The Empty Vessel Makes the Greatest Sound

I did never know so full a voice issue from so empty a heart. But the saying is true: “The empty vessel makes the greatest sound.”

Shakespeare's Henry V, Act IV, Scene 4

A decade living in New York has conditioned me to have an instinctive skepticism of the loudest voice in the room. The loud people, the pushy people, the bullies, those who take up the most space, whether in the workplace or hooting on the sidewalks at night on the weekend – these are almost always also the people of least consequence, but its a fact that is tragically lost on most.

Robust AJAX UIs with jQuery-UJS and Server-Generated Javascript Responses

Robust AJAX UIs with jQuery-UJS and Server-Generated Javascript Responses

The jQuery-UJS (“Unobtrusive Javascript”) library has been around since 2010, making it quite old by the standards of frontend tooling, whose pace of evolution is swift. In many contexts, however, jQuery-UJS, along with complimentary Server-generated Javascript Responses (SJR) still surpass more modern frontend tooling and frameworks in metrics that should matter to anybody building a web app with dynamic UI requirements, even in 2016.

The most profound virtue of UJS is probably how palpably it minimizes your overall code surface area. AJAX bindings are made to the specification of certain data-attributes read off of elements in the DOM, which in practice oftentimes means a lot of boilerplate Javascript files you might otherwise have in your codebase you simply do not need. Furthermore, with UJS, most of the custom Javascript that you do execute to implement your rich user interactions is, by necessity, nicely compartmentalized in server-side templates oftentimes only 1-3 lines long, and very clearly named and situated.

A Production-Ready Rails 5 Email Workflow with Mailer Previews, Premailer and ActiveJob

A Production-Ready Rails 5 Email Workflow with Mailer Previews, Premailer and ActiveJob

Since the introduction of Mailer Previews and ActiveJob in Rails 4.1, the framework has truly set itself apart from others in the comprehensiveness and comfort of its workflow around emails. The framework’s creator, DHH, has espoused a perspective that mailers are views, and accordingly Rails now gives us an email workflow that is nearly identical to that around ordinary controllers and views.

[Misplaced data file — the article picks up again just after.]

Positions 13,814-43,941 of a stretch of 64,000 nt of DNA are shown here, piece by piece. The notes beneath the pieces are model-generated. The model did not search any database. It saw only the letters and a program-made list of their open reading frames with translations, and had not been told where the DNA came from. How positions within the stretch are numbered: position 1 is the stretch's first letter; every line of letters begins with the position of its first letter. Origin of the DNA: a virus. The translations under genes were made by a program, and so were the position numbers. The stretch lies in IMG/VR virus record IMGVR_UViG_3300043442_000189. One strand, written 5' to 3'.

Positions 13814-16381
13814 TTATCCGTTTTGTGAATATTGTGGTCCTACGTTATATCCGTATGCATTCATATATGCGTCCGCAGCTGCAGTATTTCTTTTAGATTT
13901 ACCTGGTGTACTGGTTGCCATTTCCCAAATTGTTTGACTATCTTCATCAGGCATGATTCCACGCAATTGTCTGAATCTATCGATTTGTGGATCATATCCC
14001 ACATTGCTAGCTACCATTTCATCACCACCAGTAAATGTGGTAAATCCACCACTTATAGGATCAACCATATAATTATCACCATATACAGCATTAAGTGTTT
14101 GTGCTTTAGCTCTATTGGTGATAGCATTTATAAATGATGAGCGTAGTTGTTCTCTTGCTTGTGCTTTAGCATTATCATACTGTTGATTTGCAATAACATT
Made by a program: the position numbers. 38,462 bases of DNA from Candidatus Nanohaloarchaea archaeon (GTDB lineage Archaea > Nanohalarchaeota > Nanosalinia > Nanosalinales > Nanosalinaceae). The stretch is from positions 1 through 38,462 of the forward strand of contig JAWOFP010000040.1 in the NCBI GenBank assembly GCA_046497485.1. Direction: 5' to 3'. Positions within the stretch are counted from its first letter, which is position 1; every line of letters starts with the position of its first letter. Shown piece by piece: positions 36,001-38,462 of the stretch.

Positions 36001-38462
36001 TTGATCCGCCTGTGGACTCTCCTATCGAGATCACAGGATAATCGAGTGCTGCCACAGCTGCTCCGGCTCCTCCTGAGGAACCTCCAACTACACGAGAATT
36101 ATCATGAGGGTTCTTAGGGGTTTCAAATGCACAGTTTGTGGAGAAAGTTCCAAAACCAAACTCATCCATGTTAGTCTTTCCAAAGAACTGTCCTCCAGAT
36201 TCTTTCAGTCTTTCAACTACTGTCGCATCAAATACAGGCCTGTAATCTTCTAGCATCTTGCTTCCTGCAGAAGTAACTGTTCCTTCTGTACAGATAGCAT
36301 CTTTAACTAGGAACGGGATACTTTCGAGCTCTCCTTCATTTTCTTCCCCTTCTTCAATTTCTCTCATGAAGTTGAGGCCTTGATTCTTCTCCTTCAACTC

I will walk through my complete email stack and workflow, which I have used very effectively across several production apps.

Managing Your Production Crontab with Whenever and Capistrano

Managing Your Production Crontab with Whenever and Capistrano

Though Cron has been around since the 1970s, it is often still a perfectly viable, incredibly robust way to run scheduled jobs for your web application – in particular if you deploy your app to a single dedicated server or VPS.

Whenever is a command line utility, written in Ruby, that lets you declare your Crontab entries using the very human-readable Ice Cube DSL, and that includes related utilities to actually write out to your Crontab based upon these human-friendly source files. The benefits for your project are twofold. First, you get to define your Crontab entries in a language that is natural to read rather than in the famously obscure and forgettable native syntax. Second, you get to keep your schedule definition within your project tree so that it becomes, in effect, integrated with your application rather than something managed separately with your infrastructure.

ZPhotostream: A simple photostream for the indie web

ZPhotostream: A simple photostream for the indie web

I have been away from New York much more this past year than I’m accustomed to and have been trying to encourage myself to take more photos, since it is not a habit I’ve cultivated at home. I thought it would help if I kept a photo log up here on my personal site and so I made ZPhotostream, a simple but featureful-enough photo log app that I could style to my liking and host myself.

Chilling Out
Image credit: Victor Cajiao

Chilling Out

Today was a Sunday and for the first time in probably 5 years I guiltlessly did nothing to advance any business initiative of mine. I worked on no personal projects. I did no client work. I walked down to Bleecker Street maybe 10 blocks south of my apartment and I went to Porto Rico, a hundred year old coffee importer I’ve been going to for a decade that has a little coffee bar in the back. I got a coffee, sat on a bench out front, drank my coffee and watched the streets.

Validation Contexts in ActiveRecord

Validation Contexts in ActiveRecord

Validation contexts are a little-appreciated but immensely practical feature of Ruby on Rails’ object-relational mapper, ActiveRecord. I cannot count the number of times I have seen hacks around a problem for which a validation context would have been a perfect fit simply because this feature lives a bit under the radar and isn’t in every Rails developer’s toolbox.

What is a validation context, precisely? It is a way to constrain a model validation to a particular usage context for a record. This is similar to what you might achieve with something like state_machine, but far more lightweight.

Berlin

Berlin

I’ve been in Berlin for the past month. I ended up here somewhat arbitrarily, on behalf of a client, but I can honestly say I have fallen in love with this city, perhaps more so than any city I have spent time in aside from New York, which has been my home for nearly ten years.

I wanted to do a post to reflect on the things that are unique and wonderful about this city for anybody who may be thinking about traveling to or working from here.